After close comparison of the Constitution of The United States, to the Imperial Constitution of Haiti of 1805, I felt that the Haitian constitution had great intentions for what they wanted to be the outcome of their country. Due to the language and content of the of the articles listed it is very clear that the Haitians were tired of French and imperialism influence within their country. The Haitians wanted to evoke drastic change in order to ensure that they would never be put in the position of being subordinate in their own country again, and even went as drastic as to say within their declaration of independence that they would chose death over not being allowed to have their freedom.
One of the articles that I would like to point out that caught my attention was Article 9. “Nobody deserves to be Haitian who is not a good father, a good son, a good husband, and, above all, a good soldier.” This article coupled with Article 10 “Fathers and Mothers cannot disinherit their children”, I feel that this shows that Haitians attempt to have a strong family dynamic along with their values. I think that these are important and attempt to shed light on their culture. Along with their strong family values this document also shows how they felt toward French imperialists and ways in which they could tackle their rule within this country.
The United States constitution does not have articles that discuss family values and I think that that definitely shows what we value as a country. It also shows what was important to us at the time of us creating this country. We were worried about foreign rule in a similar way Yes but our founding fathers were not being enslaved, and being stolen from. They were doing the enslaving and stealing and wrote the constitution so that those rights would not be taken away from them. There are similarities between the two constitutions but it shows that the warfare and imperialism within the country of Haiti was not the same as the United states reasoning for the creation of the country.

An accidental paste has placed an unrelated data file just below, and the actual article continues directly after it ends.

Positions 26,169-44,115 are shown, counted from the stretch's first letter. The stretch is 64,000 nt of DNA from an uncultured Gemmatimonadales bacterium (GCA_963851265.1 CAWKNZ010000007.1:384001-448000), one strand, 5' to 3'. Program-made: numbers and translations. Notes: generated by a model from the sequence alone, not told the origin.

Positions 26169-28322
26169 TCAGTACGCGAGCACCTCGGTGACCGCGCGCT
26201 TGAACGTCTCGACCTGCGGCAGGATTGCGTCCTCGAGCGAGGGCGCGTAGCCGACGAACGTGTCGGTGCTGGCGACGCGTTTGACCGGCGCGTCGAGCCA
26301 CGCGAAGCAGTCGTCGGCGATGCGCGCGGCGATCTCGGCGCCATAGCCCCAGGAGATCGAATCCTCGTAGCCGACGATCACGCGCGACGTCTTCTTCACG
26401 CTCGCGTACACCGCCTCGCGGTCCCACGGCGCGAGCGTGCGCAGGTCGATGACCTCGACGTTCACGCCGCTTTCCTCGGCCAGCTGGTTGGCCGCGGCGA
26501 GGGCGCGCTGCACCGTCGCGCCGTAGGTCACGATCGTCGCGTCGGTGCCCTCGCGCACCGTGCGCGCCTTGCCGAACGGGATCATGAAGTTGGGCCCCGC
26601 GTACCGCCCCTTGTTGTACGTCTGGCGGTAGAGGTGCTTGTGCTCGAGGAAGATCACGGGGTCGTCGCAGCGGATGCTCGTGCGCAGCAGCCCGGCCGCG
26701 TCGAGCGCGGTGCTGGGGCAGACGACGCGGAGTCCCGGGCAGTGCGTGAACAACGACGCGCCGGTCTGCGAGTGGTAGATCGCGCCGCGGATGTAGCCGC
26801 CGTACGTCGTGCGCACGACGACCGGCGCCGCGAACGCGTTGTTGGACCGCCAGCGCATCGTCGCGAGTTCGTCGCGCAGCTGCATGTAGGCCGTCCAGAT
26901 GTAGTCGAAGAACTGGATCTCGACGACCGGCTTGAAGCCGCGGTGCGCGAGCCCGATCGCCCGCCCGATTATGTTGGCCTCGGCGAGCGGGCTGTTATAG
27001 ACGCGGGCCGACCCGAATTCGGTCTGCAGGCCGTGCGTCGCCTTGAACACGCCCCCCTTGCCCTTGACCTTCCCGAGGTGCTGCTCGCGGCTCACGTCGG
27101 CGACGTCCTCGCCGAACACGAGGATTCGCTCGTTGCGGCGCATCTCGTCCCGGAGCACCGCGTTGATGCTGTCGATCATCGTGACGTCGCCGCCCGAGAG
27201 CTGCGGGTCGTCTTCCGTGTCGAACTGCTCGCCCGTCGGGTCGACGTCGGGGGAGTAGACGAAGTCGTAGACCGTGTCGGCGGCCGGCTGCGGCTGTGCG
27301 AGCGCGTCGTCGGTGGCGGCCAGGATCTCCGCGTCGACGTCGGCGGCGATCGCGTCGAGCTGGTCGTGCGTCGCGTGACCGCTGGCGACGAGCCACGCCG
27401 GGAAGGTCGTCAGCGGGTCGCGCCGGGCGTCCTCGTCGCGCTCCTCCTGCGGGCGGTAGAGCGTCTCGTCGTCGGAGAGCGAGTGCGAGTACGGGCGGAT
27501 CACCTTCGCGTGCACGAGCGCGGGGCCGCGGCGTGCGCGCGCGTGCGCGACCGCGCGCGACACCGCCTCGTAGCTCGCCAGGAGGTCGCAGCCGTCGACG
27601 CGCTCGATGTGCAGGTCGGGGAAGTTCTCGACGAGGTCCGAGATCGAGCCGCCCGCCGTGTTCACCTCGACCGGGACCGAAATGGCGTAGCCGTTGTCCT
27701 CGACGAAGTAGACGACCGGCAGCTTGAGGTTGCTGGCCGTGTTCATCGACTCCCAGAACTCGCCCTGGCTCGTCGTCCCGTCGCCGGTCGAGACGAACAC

2 thoughts on “Haitian Constitution”
I like how you compared the US and Haiti’s constitutions in the context of their historical needs-the US definitely was trying to protect itself from having to stop slavery, while Haiti was trying to protect itself from ever being enslaved again. I was taken aback by the violence of the Haitian Declaration of Independence at first, but it makes a lot of sense, and I actually admire their honesty a lot more than I admire the US’s lofty (and empty) words of equality. Haiti had every reason to be angry towards French imperialism and white people on their land, so their response is in my opinion a strong and justified one.
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Nice elucidation of what it means for Haiti’s constitution to have been crafted as much as a *response* to another document as anything else. You are reading both the Declaration of Independence and the Constitution as doing this work, which is cool but also complicated, because what does it mean, long term, for a constitution to be reactive in that way? I am also curious about what you make of the gender dynamics of the articles that reference families. What does it mean for the state to be establishing concrete (and gendered) roles for fathers and mothers?